I CONGRATULATE John Milne (Letters, November 12) for provoking a reaction and helping ensure that poverty is the lead topic on your Letters Pages (November 13). Over the past months, we’ve had floods of letters about the what-ifs of independence, but self-government is only the means to an end; and, of course, many letters about Covid-19, even though poverty kills more people than the coronavirus. It’s time we debated the core issue, the silent killer that is poverty.
I welcome the comments (Letters, November 13) of the Rt Rev Dr Martin Fair, the Moderator, that the Church of Scotland does a lot to tackle poverty at ground level. But what we need to do is tackle the environment in which poverty grows, and that inevitably involves government action. The Kirk may feel it shouldn’t engage in politics, but I don’t think that’s a line that was walked by Martin Luther King or Desmond Tutu.
I know there’s a saying that the poor will always be with us, but Mr Milne was right to quote the comment by the United Nations that “poverty is a political choice”. This isn’t about a tiny number of hard-to-reach individuals, it’s about a large percentage of Scottish families who struggle to make ends meet; it’s about hundreds of thousands of Scotland’s children whose life chances are largely determined by the circumstances of their birth. Not only is poverty bad for those who grow up in it and whose lives are blighted by it, but it’s bad for all of us: we lose talent and potential from our workforce and we incur huge costs tackling the consequences of poverty.
If there’s one thing that Covid has taught us, it’s that when something needs to be done, money is no object. I’m glad the Government is spending billions to keep people in work until the economy recovers, which it eventually will. Surely it’s worth spending billions, too, on eradicating poverty, on investing in our children and their families. In due course, we’ll all reap the benefits if we do.
Doug Maughan, Dunblane.
DAVID J Crawford repeats – amongst other things – the idea that “Scotland will never have a Westminster government that reflects the wishes of the majority of its citizens” (Letters, November 13). While I am myself a lifelong advocate of electoral reform, it is hard not be amused by those who vote for the SNP then complain that their vote is wasted at Westminster. Surely they know that the nationalists can never form a government when they put their cross in a box on polling day?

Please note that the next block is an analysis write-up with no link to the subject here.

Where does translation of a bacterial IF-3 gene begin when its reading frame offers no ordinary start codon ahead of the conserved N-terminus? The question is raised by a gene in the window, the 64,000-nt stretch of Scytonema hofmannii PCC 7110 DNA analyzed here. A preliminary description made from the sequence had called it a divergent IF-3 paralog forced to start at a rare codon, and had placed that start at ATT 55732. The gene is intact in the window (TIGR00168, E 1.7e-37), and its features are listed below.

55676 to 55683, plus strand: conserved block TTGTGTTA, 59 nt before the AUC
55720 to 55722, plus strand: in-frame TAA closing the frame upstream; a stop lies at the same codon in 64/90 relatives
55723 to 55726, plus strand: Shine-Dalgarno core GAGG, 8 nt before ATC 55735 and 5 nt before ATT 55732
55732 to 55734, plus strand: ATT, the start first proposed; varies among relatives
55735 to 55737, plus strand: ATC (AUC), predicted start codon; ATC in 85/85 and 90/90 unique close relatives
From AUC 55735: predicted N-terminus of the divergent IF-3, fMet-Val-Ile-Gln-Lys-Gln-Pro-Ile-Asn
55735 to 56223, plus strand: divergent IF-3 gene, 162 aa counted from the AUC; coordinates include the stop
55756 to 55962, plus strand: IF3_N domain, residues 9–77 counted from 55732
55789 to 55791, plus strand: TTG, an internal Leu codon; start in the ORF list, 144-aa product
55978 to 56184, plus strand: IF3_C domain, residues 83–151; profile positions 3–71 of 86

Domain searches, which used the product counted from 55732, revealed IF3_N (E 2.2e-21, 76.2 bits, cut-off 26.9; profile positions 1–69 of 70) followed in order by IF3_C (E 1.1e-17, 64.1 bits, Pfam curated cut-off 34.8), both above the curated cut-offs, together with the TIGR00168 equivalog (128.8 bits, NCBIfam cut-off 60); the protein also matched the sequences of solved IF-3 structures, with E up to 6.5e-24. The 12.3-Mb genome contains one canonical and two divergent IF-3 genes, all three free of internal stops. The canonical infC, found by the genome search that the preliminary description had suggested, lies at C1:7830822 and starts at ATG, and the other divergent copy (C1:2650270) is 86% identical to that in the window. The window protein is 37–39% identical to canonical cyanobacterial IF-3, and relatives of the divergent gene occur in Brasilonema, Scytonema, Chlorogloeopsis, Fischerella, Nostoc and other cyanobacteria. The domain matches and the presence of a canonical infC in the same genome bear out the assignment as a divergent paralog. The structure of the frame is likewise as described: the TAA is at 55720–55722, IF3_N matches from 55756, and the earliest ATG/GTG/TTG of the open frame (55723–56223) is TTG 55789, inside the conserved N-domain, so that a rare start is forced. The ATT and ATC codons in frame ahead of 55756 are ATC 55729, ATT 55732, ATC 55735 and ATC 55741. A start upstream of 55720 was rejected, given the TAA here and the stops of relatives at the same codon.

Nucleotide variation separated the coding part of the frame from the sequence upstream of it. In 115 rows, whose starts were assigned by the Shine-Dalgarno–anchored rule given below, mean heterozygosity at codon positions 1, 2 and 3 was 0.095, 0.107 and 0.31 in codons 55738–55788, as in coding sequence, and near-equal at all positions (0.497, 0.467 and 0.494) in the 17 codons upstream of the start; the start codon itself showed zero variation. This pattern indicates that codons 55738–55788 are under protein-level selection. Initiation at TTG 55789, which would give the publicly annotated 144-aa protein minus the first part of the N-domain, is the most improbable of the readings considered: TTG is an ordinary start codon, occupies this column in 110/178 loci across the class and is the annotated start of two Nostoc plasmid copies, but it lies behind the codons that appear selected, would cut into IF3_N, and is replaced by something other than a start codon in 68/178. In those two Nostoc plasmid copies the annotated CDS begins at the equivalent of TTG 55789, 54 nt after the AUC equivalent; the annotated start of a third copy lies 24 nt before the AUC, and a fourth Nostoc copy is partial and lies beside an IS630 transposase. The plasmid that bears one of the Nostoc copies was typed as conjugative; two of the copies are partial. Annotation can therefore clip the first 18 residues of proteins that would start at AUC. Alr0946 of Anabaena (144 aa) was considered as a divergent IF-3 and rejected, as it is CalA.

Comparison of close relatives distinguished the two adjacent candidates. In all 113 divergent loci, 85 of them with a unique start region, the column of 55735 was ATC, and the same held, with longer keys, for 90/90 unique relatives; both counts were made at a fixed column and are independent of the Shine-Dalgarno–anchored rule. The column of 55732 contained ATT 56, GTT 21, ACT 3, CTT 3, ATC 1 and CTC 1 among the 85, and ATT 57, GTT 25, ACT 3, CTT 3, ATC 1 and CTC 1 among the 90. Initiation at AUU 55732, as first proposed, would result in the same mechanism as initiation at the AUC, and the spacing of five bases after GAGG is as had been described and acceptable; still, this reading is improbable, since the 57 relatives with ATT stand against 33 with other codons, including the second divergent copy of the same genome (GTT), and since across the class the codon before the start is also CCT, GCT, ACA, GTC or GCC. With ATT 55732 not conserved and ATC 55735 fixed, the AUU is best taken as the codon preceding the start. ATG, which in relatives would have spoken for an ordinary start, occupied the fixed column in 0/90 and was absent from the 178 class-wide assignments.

It is easier to agree with Mr Crawford’s substantive point that Scotland’s devolved and reserved governments are both failing the poor at their respective levels. The fact is that we would not be in our current position if Boris Johnson had not seen his job as Prime Minster as representing the Leaver 52 per cent of the population against the Remain 48%; and if Nicola Sturgeon had not seen hers as First Minister as representing the Yes 45% of Scotland against the No 55%.
Likewise, both of these are highly divisive figures bent on pursuing their own obsessions at the expense of the greater good of society. The shame of poverty in Scotland and elsewhere in the UK must be laid at their door, as they have chosen the path of division over that of unity, and have put their own interests above those who most need the assistance of the state. The remedy for this is to vote for candidates and a party which will govern for the whole population and will seek the best of both worlds in a devolved Scotland within the UK.
Peter A Russell, Glasgow G13.
MALCOLM Parkin (Letters, November 12) draws our attention to the huge sums of money paid out by governments to keep the essentials turning over during this pandemic. It is however just the latest “bail-out” to be added to our monumental National Debt.
The point he makes is that all this debt exists to offset the even larger amounts of credit borrowed from the banking system. That is after all where all the money comes from – the cash in our pocket is just small change.
As taxpayers we all guarantee this bank credit and condone the nonsense of national debt, which everyone knows is not a debt, because it will never be repaid.
These and similar financial myths serve some sectors of society very well indeed, which is why they prevail, even in the face of academic and economic logic.
It is high time we reappraised the role of Central Banks as key players in the democratic system.
RF Morrison, Helensburgh.